Ais kacang is a type of ice shaved dessert. It is commonly known as Ais Batu Campur (ABC).
Almost every country has their own version of ais kacang, using different words according to their mother tongue.
In the Philippine their ice shaved dessert is known as Halo-Halo. Meanwhile in Thailand, they are known as Nam Kang Sai.
East Asia referring to Japan, China and Korea have their own version of ice shaved too!
In Korea, the ice shaved dessert is known as Pat Bing Soo. While in Japan and China, they have Kakigori and Baobing respectively.
What does Ais Kacang means?
“Ais” is a Malay Word for ice. While “Kacang” means beans.
Does this carry the same meaning with Ais Batu Campur?
In Malaysia ais kacang is the same food as Ais Batu Campur (ABC).
However, the direct translation of ABC has slight differences between these two words.
Let us break the word of Ais Batu Campur bit by bit in understanding from Malay words to English.
Ais Batu Campur in English
Ais Batu is a noun means ice cube, campur is a verb meaning mixed. Thus, it carries the meaning of “ice cube mixed”.
Ais Kacang is referring to the ingredient of the ice shaved dessert in Malaysia, while ABC referring the mixed of ice with variety of ingredients including the beans.
Therefore, the idea behind ais kacang and ABC is the same.
Ice shaved dessert mixed with various ingredients such as rose syrups, palm sugar syrup, red beans, sweet corn and cendol. To complete it they add evaporated milk.
I remember, raised in Singapore in the early 1960s I will grab Ais Batu Kepal as my go-to dessert whenever it is hot.
Ais Batu Kepal
Ais Batu Kepal or ice balls are a combination of grated ice shaped round like a ball which is then placed in some flavours and pricked with a handle stick.
To make the Ais Batu Kepal it is using the same machine as Ais Kacang. However, the way the served to customers are different.
How the ais kacang is made
The ais kacang is prepared by putting red beans, cendol and sweet corn inside a bowl. Placed the bowl under ice shaved machine.
Then, by placing a thawed block ice inside ice holder. Turn on the machine and ice is then grated into ice droplets.
Drizzled rose syrup and palm sugar on top of the ice. As a final touch, adding an evaporated milk to it. Some may add an ice cream as top of the ais kacang.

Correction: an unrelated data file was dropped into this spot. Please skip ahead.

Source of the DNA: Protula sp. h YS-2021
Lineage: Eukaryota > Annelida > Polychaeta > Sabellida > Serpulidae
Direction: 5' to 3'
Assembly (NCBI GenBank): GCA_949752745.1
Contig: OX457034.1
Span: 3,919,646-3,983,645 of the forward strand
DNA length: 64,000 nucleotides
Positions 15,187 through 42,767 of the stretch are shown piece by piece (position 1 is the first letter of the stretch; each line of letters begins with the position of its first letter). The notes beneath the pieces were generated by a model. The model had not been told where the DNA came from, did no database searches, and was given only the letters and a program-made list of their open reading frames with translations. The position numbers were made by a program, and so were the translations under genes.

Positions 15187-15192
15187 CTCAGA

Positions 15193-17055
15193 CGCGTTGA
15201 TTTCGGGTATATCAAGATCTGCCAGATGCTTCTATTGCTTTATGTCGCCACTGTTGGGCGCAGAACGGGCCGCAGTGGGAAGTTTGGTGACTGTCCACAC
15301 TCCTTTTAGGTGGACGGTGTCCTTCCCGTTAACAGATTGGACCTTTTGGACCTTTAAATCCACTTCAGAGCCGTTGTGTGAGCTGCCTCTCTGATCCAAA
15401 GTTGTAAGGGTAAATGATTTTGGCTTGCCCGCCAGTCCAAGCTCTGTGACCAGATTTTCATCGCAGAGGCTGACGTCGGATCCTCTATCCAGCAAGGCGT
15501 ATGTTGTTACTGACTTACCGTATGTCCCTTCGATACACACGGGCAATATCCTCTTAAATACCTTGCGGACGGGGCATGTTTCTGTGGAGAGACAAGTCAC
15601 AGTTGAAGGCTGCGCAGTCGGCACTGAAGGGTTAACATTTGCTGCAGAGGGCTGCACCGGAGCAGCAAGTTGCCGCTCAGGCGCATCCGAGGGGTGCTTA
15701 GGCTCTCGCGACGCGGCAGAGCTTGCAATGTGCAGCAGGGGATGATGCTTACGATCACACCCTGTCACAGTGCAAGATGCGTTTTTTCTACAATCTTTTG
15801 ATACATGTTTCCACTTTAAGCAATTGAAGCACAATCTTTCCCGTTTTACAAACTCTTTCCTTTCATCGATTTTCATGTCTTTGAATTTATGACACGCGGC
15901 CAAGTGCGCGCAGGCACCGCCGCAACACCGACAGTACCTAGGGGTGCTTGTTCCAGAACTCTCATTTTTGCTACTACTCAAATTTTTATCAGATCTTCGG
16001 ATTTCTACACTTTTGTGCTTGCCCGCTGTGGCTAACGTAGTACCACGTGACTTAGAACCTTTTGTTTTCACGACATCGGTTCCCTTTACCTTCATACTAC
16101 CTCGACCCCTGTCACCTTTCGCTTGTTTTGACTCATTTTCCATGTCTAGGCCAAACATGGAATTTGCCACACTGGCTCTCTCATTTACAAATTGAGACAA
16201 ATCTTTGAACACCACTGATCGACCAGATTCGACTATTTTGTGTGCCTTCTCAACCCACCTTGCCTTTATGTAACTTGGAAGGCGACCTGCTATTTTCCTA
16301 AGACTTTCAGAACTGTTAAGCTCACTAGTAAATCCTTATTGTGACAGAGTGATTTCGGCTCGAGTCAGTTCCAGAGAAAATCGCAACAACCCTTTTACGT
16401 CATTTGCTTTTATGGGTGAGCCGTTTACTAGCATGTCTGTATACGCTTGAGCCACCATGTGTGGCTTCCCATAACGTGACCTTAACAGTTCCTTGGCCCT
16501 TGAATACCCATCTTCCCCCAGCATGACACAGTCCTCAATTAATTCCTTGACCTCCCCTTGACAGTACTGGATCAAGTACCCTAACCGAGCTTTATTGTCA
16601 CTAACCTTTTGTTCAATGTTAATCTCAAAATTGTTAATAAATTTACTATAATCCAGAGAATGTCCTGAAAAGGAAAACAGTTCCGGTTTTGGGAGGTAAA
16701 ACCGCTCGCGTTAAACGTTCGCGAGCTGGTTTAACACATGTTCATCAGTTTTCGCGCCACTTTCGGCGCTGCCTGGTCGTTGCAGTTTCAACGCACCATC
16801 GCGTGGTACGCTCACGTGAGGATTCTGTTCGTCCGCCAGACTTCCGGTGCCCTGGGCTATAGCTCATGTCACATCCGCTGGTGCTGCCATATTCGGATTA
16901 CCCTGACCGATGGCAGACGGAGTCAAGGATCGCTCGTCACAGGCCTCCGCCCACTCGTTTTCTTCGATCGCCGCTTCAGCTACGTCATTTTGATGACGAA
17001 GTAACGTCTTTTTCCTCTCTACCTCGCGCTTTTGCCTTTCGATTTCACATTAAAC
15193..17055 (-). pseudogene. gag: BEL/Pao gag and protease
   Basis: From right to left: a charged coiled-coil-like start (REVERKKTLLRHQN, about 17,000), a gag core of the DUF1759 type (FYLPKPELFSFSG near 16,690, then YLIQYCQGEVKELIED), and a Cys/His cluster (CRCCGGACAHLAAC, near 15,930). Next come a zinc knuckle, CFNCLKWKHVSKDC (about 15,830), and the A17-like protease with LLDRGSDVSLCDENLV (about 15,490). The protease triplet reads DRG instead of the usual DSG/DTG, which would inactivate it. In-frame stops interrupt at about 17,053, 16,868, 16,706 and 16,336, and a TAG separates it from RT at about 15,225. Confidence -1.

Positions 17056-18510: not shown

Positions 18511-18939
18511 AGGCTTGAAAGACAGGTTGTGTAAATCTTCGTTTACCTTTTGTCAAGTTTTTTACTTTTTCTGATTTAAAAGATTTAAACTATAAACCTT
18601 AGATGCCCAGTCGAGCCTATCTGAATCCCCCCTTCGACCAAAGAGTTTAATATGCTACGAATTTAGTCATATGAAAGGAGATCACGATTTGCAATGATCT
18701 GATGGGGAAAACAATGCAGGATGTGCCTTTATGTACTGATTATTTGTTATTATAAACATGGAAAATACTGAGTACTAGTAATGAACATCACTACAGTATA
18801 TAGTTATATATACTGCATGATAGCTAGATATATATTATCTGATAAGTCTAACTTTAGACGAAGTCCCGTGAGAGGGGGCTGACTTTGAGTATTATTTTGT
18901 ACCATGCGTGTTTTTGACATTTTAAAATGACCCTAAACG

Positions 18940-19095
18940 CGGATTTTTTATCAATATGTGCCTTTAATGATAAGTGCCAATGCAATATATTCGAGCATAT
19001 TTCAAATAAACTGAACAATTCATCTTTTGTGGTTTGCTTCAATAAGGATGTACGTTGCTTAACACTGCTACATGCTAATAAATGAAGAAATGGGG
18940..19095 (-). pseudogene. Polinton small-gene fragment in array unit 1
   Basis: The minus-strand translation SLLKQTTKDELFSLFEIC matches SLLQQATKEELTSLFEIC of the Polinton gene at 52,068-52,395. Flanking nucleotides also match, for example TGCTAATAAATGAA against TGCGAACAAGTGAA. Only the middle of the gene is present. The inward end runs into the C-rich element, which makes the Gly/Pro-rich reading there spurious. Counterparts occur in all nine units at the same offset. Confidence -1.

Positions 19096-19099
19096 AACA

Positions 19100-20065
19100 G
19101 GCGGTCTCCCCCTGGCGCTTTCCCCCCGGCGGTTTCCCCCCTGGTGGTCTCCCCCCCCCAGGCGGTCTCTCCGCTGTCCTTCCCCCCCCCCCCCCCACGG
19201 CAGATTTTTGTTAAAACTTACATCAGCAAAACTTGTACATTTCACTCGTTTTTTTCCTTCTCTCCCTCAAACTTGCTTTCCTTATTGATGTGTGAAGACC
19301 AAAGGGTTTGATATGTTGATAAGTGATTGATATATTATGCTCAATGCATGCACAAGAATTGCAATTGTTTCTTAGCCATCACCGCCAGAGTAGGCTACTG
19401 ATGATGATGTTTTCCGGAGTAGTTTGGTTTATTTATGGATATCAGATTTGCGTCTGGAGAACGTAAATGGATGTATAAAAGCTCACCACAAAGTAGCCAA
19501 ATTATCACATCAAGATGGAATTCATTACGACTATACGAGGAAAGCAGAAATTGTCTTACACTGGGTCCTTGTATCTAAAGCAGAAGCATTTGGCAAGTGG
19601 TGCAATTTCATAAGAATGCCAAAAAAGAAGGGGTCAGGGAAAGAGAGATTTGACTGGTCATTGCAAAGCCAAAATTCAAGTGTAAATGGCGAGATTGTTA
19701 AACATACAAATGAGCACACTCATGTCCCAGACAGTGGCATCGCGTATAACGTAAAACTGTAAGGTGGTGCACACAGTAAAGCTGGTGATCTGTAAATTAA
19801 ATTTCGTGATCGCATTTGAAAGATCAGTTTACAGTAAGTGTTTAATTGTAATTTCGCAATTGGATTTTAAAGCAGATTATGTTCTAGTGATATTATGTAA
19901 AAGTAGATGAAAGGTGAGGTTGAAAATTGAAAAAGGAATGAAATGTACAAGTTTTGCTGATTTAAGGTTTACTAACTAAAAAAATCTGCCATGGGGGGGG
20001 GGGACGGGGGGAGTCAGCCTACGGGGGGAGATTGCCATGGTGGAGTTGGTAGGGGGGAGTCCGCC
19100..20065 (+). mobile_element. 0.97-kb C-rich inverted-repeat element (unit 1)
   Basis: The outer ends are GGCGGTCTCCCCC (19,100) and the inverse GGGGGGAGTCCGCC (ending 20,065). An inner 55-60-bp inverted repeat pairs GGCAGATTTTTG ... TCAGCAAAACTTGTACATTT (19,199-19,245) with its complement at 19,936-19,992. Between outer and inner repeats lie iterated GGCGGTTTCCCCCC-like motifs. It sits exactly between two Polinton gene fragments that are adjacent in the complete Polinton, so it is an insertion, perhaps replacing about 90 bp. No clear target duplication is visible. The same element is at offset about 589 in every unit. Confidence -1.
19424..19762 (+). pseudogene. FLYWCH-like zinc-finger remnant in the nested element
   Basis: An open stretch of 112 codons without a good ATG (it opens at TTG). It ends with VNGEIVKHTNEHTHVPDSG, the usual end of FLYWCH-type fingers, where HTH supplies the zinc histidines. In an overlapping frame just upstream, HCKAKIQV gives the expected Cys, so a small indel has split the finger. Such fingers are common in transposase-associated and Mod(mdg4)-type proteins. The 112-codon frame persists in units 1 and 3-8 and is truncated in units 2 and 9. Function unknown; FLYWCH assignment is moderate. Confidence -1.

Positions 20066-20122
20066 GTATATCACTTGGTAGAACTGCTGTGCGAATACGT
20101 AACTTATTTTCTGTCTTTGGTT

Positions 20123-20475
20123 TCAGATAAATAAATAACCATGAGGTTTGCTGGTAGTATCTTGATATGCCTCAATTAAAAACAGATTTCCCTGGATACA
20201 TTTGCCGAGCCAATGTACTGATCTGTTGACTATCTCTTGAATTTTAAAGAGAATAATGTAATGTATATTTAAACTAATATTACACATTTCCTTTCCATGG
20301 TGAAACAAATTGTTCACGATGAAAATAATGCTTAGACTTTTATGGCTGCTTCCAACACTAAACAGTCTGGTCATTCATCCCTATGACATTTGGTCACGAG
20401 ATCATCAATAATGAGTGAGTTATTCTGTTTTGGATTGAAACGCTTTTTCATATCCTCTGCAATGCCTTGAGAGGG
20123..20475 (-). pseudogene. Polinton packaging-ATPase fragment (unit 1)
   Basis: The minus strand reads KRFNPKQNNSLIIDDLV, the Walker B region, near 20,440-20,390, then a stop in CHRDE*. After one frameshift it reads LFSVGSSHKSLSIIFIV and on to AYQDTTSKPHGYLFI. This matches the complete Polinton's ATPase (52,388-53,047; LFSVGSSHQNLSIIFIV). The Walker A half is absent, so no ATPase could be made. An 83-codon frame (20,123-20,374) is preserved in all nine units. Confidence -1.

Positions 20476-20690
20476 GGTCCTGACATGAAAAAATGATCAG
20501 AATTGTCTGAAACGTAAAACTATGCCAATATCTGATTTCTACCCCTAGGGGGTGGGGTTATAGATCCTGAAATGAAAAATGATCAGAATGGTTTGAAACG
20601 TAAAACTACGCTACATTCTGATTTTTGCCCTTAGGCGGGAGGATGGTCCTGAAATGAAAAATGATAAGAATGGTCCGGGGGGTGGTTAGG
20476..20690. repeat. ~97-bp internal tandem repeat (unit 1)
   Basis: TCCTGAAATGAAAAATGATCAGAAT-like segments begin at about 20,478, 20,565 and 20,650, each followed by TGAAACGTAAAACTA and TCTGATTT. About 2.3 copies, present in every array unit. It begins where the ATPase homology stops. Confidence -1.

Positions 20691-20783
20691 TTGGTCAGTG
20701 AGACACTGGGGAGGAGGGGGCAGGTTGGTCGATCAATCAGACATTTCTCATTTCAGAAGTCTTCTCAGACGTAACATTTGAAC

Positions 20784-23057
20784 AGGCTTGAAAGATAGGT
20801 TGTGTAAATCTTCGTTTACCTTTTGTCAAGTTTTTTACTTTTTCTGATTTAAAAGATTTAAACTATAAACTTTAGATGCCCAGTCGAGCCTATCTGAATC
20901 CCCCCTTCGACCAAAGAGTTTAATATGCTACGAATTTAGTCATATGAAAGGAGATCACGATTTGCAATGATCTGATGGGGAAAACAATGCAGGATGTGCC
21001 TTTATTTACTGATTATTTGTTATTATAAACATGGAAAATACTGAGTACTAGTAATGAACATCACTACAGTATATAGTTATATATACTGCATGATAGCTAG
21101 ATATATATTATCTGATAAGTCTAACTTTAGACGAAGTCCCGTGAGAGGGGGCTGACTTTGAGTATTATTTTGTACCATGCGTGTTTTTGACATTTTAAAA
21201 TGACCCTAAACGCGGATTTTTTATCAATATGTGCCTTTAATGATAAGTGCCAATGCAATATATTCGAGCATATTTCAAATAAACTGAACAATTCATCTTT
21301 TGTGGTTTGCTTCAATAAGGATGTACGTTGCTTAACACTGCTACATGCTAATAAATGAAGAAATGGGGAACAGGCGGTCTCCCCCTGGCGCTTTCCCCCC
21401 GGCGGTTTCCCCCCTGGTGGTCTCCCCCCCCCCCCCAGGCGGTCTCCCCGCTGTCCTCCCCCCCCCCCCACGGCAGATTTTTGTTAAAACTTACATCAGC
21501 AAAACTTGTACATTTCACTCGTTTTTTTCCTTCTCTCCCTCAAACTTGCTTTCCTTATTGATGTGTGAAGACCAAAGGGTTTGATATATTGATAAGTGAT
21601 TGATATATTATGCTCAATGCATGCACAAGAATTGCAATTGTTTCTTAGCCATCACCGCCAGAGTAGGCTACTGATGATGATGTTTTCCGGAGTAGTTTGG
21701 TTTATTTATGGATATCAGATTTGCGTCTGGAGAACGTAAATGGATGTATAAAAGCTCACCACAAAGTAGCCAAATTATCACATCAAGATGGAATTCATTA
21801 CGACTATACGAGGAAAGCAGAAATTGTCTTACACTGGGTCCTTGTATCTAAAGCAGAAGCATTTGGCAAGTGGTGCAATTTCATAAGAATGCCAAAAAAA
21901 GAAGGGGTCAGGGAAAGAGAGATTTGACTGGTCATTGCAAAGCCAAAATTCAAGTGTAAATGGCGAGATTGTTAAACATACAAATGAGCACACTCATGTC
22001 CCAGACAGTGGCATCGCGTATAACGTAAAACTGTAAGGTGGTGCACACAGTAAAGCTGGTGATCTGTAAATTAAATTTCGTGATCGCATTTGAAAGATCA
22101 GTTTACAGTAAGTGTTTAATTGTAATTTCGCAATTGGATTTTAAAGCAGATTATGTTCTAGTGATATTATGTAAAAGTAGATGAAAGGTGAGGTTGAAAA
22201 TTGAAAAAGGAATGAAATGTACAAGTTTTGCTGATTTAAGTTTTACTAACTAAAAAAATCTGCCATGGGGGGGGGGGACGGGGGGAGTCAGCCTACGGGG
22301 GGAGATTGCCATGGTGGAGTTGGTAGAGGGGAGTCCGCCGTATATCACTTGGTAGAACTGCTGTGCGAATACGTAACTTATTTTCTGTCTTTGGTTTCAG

The ais kacang is then served to customers.
Between the Middle East and China
It was mention that is originated in the Middle East while other said from the China. This is the story about two version that I have read. Let us learn further! 😊
In the Middle East
It is claimed that the origin of the Ais Kacang is from the Middle East back in the Middle Ages, between the fifteenth and sixteenth century.
At that time the Middle East was largely populated by the Arabic, Persian, and Turkish speaking people.
They invented a drink known as sherbets.
The drinks were made from combining fruit juices with other flavours such as rose-water, lemon juice or basil then chilled them with snow or ice.
They are usually used by the Turkish as a drink during summer.
European who travelled to the Middle East were interested in sherbet and described them with full interest.
For instance, Sir Thomas Herbert, when he travelled to Persia from 1627 to 1629 described the sherbets as “a drink that quenches thirst and tastes deliciously”.
At that time, the Persians served their sherbets in large porcelain or gold bowls. They used a wooden spoon to sip the drink.
In the late sixteenth century, the word sharbat appeared in Italian as the name of Turkish beverages. The drink later became a frozen dessert (sorbetto) in Italian.
Up until today, the Middle Eastern sherbet is still a drink, however in European and American sherbets are generally ice or ice milk.
That is quite an long history. But there is still more to it!
Meanwhile, looking at the other perspective, the origin of the ice shaved dessert was known to be eaten during Dynasty Tang back in the 7th century.
There is another narration stated that the method of preserving food using ice had started in China during Dynasty Tang.
It has been practiced both by the emperor, the elite, and the citizen.
However, only the emperor and the wealthy do have ice pits in their compound.
As it mentioned the size of the ice pit is smaller among the elite compared to the Emperor.
Each year the emperor had labourers who carve 1000 blocks of ice from mountain valleys to be stored in his ice pit that located at the centre of town.
In a book that I read called History of Food by Maguelonne Toussaint-Samat mentioned, in China, they poured a mixture of snow and syrup.
To make the iced last longer, they add salt over the exterior of containers.
The salt is used to lower the freezing point of the ice below zero.
Meaning that ice when melt will be colder than frozen freshwater when melt. Giving it as one way of preserving the food.
This action was watched and gained interest from the Italian merchant, Marco Polo in China. According to the book, he observed the practice and brought it to Italy.
That is the history of ice shaved that I managed to trace. But to find how does the ais kacang managed to get to Malaysia remained unknown for me.
Nevertheless, let us enjoy what has been delivered to us from our ancestors and appreciate that the tradition remains in the culture.
What we have today
Back then, it seems complicated to have an ice ball with sweetie syrup colouring the white ice.
Now, whenever I like I can enjoy ais kacang with friends and family. As many stalls, food trucks and even restaurants sell it.
Different places serve different ingredients in the ais kacang. It really quenches your thirst in the tropical weather.
Sweet dessert garnish with lots of jelly inside with topping of red syrup to be enjoyed by everyone.